1985 Pierce engine

This 1985 Pierce engine is currently one of the front-line units in the Payette Fire Department fleet. It will become a reserve apparatus once the department receives its new engine, ordered this month.

PAYETTE — Spurred by an impending price increase for the item due to President Trump’s trade war, the Payette Fire Department is ordering a new pumper engine immediately.

The City of Payette is locking in a purchase price of $342,082 by ordering before July 1. On that date the seller, Hughes Fire Equipment, of Springfield, Oregon, plans to raise its prices by 25 percent to offset the new tariff on imported metal.

In a June 14 memorandum about the proposed purchase to the Payette City Council, Fire Chief Steve Castenada noted that the department’s Project Reserve Fund already includes $290,000 for purchase of a new engine.

The proposal was an action item on the City Council’s June 18 meeting agenda, and city officials didn’t require much persuading to approve the purchase.

Mayor Jeff Williams praised the fire department on its proficiency in installing much of the equipment that went on a new brush truck that was purchased last year. By performing all those installations, the department saved significantly on the truck’s overall cost. The department will apparently use that strategy again with the new pumper engine.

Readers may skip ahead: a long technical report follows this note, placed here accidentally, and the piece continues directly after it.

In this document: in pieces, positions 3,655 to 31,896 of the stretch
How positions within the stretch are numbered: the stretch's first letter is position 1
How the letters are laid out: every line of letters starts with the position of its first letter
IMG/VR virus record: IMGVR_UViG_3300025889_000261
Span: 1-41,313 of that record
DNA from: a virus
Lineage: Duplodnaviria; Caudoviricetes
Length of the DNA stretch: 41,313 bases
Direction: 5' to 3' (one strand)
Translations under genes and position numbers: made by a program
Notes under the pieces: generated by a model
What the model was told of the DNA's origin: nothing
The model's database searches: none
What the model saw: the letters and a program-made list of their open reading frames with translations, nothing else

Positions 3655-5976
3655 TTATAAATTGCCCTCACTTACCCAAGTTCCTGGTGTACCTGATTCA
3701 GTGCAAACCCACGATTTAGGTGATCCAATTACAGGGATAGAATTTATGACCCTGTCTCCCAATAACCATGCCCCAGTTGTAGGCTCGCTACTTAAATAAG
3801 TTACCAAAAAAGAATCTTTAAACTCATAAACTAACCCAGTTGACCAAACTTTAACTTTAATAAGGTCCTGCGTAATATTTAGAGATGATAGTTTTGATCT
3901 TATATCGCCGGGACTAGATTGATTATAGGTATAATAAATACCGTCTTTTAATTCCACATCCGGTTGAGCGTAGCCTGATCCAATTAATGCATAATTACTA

Also, a total proposed price of $353,422 doesn’t reflect two discounts that will be realized for prepayment. Even without factoring in the discounts, Williams views it as an attractive deal.

“This three hundred fifty-three thousand is way less than what I thought a pumper truck would have cost,” Williams said.

“With the tariffs that Trump just did, if we don’t order this by July first, we can expect another fifty thousand on top of this,” Castenada said a few minutes later during the discussion.

The council unanimously approved a motion by Councilor Craig Jensen to make the purchase, which will be carried out through the FireRescue GPO program of NPPGov, a national cooperative purchasing organization.

Adding the new pumper will enable the department to place the oldest of its current front-line engines, a 1985 Pierce, farther back in line, Castenada said. The chief also told councilors that having the new unit with the 1985 Pierce as a reserve apparatus helps the department to maintain its Insurance Services Office (ISO) rating of 4.

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